Flying the DC SFRA
February 1, 2019
One of my life goals is to land a single engine GA plane in all fifty states.
In May, work took me east where I wanted to land in PA, DE, NJ, MD, VA, WV and fly the SFRA. I knew that there were quite a few rules regarding flight in and around DC, so I set out to learn the requirements.
Flying the complicated airspace along the eastern seaboard can be challenging, especially when in and around the Washington, DC Special Flight Rules Area.
The FRZ was created shortly after the 9/11 attacks, and the ADIZ was created in 2003. Since their creation, there have been over 1,000 unauthorized flights into the area; all inadvertent but some close enough to the Capital and White House to require evacuation. As a result, the FAA issued a final rule requiring any pilot who flies VFR within a 60 MN radius of the DCA VOR to complete an online training course.
The online course can be found on http://www.faasafety.gov and must be completed once before flying in the airspace. The completion certificate must be printed out, but does not need to be carried with you. I saved mine to Foreflight, along with several kneeboard resources from the website. The course took me about an hour, and was painless.
I chose to fly with a CFI on my journey so that I could take advantage of his familiarity with the airspace. The airport I flew out of was 58N (Palmyra, PA). My CFI was a military helicopter pilot based out of Camp David, who was a blast to fly with and learn from.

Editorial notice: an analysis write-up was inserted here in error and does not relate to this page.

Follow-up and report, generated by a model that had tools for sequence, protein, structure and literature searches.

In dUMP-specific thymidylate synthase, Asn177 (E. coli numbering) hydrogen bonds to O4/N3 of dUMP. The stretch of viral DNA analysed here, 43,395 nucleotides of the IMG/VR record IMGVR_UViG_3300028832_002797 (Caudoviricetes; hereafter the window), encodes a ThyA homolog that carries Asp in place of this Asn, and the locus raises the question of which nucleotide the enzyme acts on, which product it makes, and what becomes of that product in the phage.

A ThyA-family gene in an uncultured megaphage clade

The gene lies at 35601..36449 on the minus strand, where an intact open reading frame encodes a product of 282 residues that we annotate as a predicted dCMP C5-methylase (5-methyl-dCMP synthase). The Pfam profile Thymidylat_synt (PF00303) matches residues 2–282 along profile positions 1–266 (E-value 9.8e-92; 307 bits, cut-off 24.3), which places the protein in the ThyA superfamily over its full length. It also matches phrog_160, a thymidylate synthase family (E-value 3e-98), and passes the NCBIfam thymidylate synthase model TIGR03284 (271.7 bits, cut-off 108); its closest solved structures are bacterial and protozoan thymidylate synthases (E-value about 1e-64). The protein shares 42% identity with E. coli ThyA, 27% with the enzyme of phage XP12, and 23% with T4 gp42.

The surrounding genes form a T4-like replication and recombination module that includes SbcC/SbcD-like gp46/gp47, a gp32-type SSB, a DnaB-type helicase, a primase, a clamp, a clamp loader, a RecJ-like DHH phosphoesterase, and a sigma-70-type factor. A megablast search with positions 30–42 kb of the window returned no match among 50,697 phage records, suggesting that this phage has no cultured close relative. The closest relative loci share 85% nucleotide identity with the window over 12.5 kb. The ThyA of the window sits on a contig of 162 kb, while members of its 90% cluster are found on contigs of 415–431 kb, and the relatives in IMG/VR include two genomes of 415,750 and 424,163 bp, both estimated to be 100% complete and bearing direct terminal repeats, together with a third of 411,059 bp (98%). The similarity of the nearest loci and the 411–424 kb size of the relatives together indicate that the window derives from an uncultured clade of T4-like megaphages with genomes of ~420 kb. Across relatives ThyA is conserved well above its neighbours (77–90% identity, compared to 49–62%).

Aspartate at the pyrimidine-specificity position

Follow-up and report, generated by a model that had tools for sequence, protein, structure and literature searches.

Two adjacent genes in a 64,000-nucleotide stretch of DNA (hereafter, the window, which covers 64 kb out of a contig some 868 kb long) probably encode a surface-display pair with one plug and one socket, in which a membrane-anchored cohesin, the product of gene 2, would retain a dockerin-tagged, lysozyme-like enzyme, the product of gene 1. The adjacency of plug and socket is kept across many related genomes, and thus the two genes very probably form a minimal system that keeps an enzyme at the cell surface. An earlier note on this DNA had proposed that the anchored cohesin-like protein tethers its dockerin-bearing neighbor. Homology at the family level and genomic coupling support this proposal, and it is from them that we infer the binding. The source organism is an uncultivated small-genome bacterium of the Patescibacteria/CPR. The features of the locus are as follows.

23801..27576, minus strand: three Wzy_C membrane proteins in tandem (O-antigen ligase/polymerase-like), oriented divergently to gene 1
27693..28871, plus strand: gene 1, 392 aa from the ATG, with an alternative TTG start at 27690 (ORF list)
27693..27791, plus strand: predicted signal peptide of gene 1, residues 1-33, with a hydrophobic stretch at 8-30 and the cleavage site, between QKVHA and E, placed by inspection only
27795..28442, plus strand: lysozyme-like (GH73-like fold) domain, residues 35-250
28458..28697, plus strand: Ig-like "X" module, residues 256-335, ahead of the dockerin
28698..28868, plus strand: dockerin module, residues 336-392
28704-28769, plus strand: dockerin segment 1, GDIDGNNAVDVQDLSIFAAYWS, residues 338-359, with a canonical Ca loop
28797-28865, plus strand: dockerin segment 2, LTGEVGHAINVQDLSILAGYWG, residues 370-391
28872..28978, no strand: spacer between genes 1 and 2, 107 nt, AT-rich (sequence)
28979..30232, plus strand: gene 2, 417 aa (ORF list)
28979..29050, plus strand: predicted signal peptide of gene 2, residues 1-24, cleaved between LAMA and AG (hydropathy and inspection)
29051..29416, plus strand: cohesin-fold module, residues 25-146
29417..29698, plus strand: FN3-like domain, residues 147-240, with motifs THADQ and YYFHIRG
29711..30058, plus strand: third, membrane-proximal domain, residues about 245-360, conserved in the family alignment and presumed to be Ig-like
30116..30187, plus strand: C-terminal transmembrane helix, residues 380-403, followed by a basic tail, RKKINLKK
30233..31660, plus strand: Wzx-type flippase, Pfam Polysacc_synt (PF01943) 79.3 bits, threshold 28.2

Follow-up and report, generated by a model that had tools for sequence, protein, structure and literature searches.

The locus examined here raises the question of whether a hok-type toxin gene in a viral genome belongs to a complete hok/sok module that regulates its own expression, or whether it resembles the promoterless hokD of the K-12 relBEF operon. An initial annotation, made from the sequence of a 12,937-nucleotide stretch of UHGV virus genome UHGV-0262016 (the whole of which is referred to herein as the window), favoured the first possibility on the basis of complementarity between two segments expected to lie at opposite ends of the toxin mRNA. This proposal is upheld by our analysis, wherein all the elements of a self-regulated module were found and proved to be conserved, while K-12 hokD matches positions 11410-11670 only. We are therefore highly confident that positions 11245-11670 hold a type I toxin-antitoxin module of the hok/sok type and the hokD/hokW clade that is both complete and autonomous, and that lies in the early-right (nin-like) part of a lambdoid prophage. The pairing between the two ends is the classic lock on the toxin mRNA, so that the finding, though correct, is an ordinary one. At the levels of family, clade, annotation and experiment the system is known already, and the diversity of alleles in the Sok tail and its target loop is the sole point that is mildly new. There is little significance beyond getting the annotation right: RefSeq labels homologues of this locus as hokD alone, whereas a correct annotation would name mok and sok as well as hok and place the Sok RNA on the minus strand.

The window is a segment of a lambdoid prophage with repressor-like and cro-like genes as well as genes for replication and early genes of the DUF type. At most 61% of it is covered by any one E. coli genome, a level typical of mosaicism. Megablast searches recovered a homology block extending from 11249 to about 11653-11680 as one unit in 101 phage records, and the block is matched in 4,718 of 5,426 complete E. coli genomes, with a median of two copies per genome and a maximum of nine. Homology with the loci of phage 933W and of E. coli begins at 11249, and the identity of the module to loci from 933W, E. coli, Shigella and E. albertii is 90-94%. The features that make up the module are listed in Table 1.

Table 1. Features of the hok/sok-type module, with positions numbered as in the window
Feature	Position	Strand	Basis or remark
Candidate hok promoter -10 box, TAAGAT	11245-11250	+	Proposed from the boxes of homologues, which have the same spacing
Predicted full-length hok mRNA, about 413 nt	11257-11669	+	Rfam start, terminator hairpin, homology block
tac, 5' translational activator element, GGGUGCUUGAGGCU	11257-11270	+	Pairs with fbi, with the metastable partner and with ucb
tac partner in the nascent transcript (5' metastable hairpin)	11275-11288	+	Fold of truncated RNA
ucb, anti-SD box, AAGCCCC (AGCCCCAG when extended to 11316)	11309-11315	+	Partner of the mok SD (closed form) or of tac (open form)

We landed in KGHR (Hagerstown, MD), KMRB (Martinsburg, VW), and then KJYO (Leesburg, VA). On my CFI’s advice, we overflew KFDK (Frederick, MD) on our way to KEVY (Summit, DE). I had already met my goal of flying in the SFRA, and he knew that VFR navigation of the Baltimore airspace would be challenging without being a lot of fun. Next was 26N (Ocean City, NJ) for lunch on the boardwalk. Finally, we flew home.
We didn’t need a SFRA flight plan for our flight into Leesburg since we weren’t doing pattern work or practice approaches, but did have to remember to squawk 1226 when entering and leaving the KJYO area. For the rest of our trip we used Flight Following, and were especially cautious to fly clear of P40 and R4009!
Our flight was uneventful, but I had a blast!
It was pretty amazing to be flying only 10 miles from Dulles, and 25 miles from the Capital! It also gave me a new appreciation for the comparative simplicity of our airspace here in the Great North.